Structural and depositional controls on Plio-Pleistocene submarine channel geometry (Taranaki Basin, New Zealand)







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Mattos, Nathalia, Alves, Tiago and Scully, Aisling 2018. Structural and depositional controls on

Plio-Pleistocene submarine channel geometry (Taranaki Basin, New Zealand). Basin Research 31

(1) , pp. 136-154. 10.1111/bre.12312 file

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1 Structural and depositional controls on Plio-Pleistocene submarine channel geometry (Taranaki 1

Basin, New Zealand) 2


Nathalia H. Mattos1*, Tiago M. Alves1 and Aisling Scully2 4


13D Seismic Lab, School of Earth and Ocean Sciences, Cardiff University, Main Building-Park Place, CF10 6

3AT Cardiff, United Kingdom ( 7

2School of Biological, Earth and Environmental Sciences, University College Cork, Cork, Ireland 8


Abstract 10

High-quality 3D seismic data are used to investigate the effect of the Parihaka Fault on the geometry of 11

submarine channels in Northern Graben of the Taranaki Basin, New Zealand. The Parihaka Fault comprises 12

four segments (S1 to S4) with variable displacements. As part of the Plio-Pleistocene Giant Foresets 13

Formation, the older Channel Complex Systems 1 and 2 reveal a two-stage evolution: 1) a syn-tectonic 14

depositional stage with channels incising the slope during early fault growth (~4.5 Ma) and 2) a stage of 15

sediment bypass (~3 Ma) leading to the infill of hanging-wall depocentres. Channel Complex System 3 is syn-16

tectonic relative to segment S3 and was formed at ~ 2.5 Ma. We show that the successive generation of new 17

fault segments towards the north controlled the formation of depocentres in the study area. This occurred in 18

association to rotation and uplift of the footwall block of the Parihaka Fault and subsidence of its hanging-wall 19

block, with fault activity controlling the orientation of channel systems. As a result, we observe three drainage 20

types in the study area: oblique, transverse and parallel to the Parihaka Fault. This work is important as it 21

shows that relay zones separating the Parihaka Fault segments had limited influence on the geometry and 22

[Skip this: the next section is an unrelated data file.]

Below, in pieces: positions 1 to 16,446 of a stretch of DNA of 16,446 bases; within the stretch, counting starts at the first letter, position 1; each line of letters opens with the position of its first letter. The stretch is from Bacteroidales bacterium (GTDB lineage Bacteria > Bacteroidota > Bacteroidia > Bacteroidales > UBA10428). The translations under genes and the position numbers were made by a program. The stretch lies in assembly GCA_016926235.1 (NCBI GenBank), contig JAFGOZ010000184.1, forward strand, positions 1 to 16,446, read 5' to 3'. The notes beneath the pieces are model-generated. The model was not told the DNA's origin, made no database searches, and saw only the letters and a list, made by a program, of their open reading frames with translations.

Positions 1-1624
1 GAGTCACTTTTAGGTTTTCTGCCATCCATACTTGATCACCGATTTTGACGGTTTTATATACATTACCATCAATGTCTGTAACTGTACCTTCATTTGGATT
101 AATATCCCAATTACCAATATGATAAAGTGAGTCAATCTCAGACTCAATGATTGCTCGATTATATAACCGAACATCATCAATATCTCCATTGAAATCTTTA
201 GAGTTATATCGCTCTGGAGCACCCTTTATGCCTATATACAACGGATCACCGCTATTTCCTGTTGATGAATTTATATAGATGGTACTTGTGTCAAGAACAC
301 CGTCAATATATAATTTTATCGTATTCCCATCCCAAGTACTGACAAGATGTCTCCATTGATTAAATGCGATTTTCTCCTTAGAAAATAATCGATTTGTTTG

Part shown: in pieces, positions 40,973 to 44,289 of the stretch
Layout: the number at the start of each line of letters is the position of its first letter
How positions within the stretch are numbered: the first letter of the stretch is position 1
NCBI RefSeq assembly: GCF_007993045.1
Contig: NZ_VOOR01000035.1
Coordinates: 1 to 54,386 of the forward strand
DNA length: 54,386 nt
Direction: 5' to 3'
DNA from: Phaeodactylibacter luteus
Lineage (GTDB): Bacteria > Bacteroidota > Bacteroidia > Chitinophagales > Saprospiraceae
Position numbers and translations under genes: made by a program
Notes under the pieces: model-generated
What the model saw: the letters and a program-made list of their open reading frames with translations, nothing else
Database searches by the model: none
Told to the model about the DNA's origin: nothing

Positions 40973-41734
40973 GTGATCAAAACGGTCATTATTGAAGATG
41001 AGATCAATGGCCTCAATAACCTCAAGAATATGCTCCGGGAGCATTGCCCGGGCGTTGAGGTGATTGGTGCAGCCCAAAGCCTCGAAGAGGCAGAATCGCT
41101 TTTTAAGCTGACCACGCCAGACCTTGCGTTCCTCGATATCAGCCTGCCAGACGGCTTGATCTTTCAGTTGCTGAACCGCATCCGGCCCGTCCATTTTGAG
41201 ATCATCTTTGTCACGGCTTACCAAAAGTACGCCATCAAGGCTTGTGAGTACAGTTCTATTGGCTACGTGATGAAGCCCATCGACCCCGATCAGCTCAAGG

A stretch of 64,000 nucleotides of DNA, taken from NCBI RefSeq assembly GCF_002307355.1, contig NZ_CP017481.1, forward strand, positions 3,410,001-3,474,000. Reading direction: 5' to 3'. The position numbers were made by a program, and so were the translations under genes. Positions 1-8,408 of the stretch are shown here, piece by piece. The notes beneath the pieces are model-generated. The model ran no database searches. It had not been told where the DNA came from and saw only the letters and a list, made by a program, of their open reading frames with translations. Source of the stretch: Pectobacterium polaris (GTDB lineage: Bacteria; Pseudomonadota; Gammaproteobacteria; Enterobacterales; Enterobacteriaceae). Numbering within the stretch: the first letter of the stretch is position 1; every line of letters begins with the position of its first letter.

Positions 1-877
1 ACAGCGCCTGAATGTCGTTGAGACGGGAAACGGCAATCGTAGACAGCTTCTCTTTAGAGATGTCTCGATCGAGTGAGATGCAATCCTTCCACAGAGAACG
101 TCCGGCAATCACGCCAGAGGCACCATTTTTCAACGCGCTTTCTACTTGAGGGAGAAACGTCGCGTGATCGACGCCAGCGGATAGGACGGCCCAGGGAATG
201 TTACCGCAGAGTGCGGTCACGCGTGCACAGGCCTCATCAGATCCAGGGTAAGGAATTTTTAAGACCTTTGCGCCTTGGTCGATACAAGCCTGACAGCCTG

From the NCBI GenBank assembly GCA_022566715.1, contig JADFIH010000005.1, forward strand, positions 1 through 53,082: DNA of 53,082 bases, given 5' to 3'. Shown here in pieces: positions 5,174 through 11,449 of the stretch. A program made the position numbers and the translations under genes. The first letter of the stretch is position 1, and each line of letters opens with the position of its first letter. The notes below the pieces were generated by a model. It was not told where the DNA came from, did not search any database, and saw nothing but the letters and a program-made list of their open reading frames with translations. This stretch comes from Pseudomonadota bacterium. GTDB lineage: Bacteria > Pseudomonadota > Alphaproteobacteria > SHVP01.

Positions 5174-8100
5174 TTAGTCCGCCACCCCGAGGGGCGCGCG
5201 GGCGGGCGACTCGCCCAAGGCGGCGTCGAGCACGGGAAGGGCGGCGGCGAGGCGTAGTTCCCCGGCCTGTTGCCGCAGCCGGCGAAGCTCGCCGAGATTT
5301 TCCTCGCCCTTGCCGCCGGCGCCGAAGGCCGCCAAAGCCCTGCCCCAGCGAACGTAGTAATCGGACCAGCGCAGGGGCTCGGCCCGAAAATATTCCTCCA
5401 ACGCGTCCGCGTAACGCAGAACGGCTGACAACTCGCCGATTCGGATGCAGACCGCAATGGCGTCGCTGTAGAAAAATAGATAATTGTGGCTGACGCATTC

location of channel systems. Submarine channels were diverted from their original courses close to the 23

Parihaka Fault and flowed transversally to fault segments instead of running through relay ramps, contrasting 24

to what is often recorded in the literature. A plausible explanation for such a discrepancy relates to rapid 25

progradation of the Giant Foresets Formation during the Plio-Pleistocene, with channel complexes becoming 26

less confined, favouring footwall incision and basinward deposition of submarine fans. 27


Keywords: New Zealand; Taranaki Basin; Parihaka Fault; relay ramps; submarine channels; stacking patterns. 29


1. Introduction 31

Relay ramps are a type of transfer zone developed between overlapping, reoriented fault segments that 32

dip in the same direction (Fossen and Rotevatn, 2016; Gawthorpe and Hurst, 1993; Long and Imber, 2011; 33

Peacock et al., 2000; Peacock and Sanderson, 1991). Relay ramps are formed either by the propagation and 34

nucleation of initially isolated fault segments (the so-called isolated fault model) or following coherent fault 35


2 models, in which the development of kinematically related segments result from the upward propagation of a 36

reactivated fault (Childs et al., 2009; Giba et al., 2012). 37

Relay ramps are structures developed in rift basins that closely control the subaerial and subaqueous influx 38

of sediment from footwall highs towards hanging-wall depocentres (Athmer et al., 2010; Athmer and Luthi, 39

2011; Fossen and Rotevatn, 2016; Gawthorpe and Hurst, 1993; Soreghan et al., 1999). Hence, the presence of 40

relay ramps in tectonically active basins has a significant impact on sediment accommodation space, basin 41

architecture and, consequently, on the deposition of reservoir units on hanging-wall depocentres (Athmer and 42

Luthi, 2011; Gawthorpe and Hurst, 1993; Gupta et al., 1999; Ravnås and Steel, 1998). Relay ramps can change 43

the course of fluvial systems by either obstructing their downslope flow or guiding sediment influx into 44

alternative paths (Gee et al., 2007; Hopkins and Dawers, 2018). Previous studies have integrated observations 45

of relay ramps from submarine settings with data from their subaerial (fluvial) to coastal analogues (Anderson 46

et al., 2000; Athmer and Luthi, 2011; Mulrooney et al. 2018) to show the influence of faulting on the creation 47

of accommodation space. However, the structural controls on accommodation and syn-rift deposition were 48

only recently assessed in a submarine setting (Ge et al., 2017; Ge et al., 2018). This work aims at addressing 49

the role of relay ramps as pathways for turbidity currents in an area with high-quality 3D seismic data. 50

In the Northern Graben of the Taranaki Basin, offshore New Zealand (Figs. 1a and 1b), a set of relay 51

ramps was formed in the Late Cenozoic between four isolated fault segments of the Parihaka Fault (S1 to S4), 52

with lengths varying from 8 km to 15 km (Giba et al., 2012). The Parihaka Fault is by itself part of the larger 53

Cape Egmont Fault Zone and records: a) normal and left-lateral oblique reactivation during the Late 54